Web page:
The San - People of the Desert

People of desert

PEOPLE OF THE DESERT

Dancing like ghosts in the shimmering white heat, the dark objects transformed in shape and size until they finally broke through the haze, revealing themselves as humans. Here in the vast and desolate expanse of the Kalahari, people have been able to grind out an existence in this harsh and unfriendly habitat. However, this was not by choice. Bushmen,or San people, have been slowly pushed off the more fertile lands over the years by stronger groups of people. Slowly having to adapt to the ever-increasing harshness of the habitat, the San people have evolved alongside the Kalahari desert itself where everyday existence is a modern David and Goliath story of astronomical proportions. Just imagine a spindly-legged hunter-gatherer being pitted against the mighty Kalahari with all its hardships. Or imagine this same hunter-gatherer with his slight, delicate weapons facing off against the tallest of all land animals: the giraffe.

 Dressed in a rag-tag array of t-shirts, cut-off denim pants, the slightly-stooped hunters set off in the morning light. It was still early, but the heat had already quelled any bird or insect’s calling. The surrounding bush had assumed the dull colours of winter. However, this can all change in a mere instant when the long-overdue summer rains arrive and paint the desert with splashes of colour, even though it may all last for a short few days or weeks.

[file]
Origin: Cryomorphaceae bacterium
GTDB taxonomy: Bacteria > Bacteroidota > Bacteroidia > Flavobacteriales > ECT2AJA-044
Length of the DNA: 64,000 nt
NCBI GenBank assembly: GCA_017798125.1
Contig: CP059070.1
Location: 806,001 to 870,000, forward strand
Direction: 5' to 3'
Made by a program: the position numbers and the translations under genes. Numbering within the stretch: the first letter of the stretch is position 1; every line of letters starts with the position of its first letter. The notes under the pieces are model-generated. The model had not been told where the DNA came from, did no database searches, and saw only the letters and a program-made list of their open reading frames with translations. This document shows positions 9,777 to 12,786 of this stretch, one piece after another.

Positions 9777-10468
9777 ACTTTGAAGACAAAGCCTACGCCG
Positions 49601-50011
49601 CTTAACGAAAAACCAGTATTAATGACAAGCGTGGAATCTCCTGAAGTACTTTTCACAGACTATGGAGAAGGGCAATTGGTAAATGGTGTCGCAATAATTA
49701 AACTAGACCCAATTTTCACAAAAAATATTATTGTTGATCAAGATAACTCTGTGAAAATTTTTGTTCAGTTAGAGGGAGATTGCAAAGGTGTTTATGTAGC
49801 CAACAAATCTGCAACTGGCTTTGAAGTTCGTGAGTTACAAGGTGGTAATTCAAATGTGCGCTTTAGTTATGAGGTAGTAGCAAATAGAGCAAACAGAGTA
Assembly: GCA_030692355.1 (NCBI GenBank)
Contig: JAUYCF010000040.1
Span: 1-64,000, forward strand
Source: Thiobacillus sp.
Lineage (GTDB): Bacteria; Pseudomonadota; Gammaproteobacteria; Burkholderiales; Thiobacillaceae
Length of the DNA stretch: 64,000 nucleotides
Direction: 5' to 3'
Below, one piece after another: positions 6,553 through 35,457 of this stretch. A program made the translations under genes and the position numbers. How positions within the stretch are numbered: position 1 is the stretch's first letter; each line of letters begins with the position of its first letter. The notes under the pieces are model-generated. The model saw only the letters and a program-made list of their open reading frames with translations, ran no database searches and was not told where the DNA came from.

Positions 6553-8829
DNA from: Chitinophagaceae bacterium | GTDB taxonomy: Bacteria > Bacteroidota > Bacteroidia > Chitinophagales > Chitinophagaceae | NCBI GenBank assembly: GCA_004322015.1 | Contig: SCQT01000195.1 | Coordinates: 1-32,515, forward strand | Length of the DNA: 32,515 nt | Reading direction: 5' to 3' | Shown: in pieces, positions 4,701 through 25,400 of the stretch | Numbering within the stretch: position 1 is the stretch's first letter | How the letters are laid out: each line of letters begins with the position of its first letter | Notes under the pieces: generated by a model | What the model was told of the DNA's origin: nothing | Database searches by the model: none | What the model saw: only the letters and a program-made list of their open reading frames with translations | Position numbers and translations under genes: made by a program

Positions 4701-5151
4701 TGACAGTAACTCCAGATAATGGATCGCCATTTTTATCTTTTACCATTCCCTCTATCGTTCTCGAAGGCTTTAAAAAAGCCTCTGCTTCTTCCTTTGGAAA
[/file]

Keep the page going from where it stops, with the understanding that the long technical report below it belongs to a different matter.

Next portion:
Hunting and gathering in this type of environment is an endeavor that relies heavily on luck. Some days a single bee may make the difference between returning home with something or returning empty-handed.  So, no clue is left uninspected. Every nook, cranny, and hole is checked and re-checked to see if it may deliver a small something, or anything, that could be eaten.  

Tracks in the sand are something that will always attract attention, especially if they are fresh. It is almost if these people are one with the bush, as they do not seem to “see” as much as they “feel” the presence of an animal.  The big bull giraffe had been “sensed” before he had any idea there was anything amiss.  

The previous morning was spent collecting beetle grubs.  Whoever discovered the potent poison in a little insignificant grub buried below the surface of the sand is a mystery.  This has been credited to the “Old people” - the forefathers.  The only sign of the presence of the grubs is the slightly chewed upon leaves of a Camifora bush.  The adult beetle feeds off this bush and then lays its eggs upon the bush, and when the pupa hatches it falls to the ground and tunnels a few inches below to manufacture a cocoon and quietly develops within. Until that is, when it is broken open by the San to get at the grub.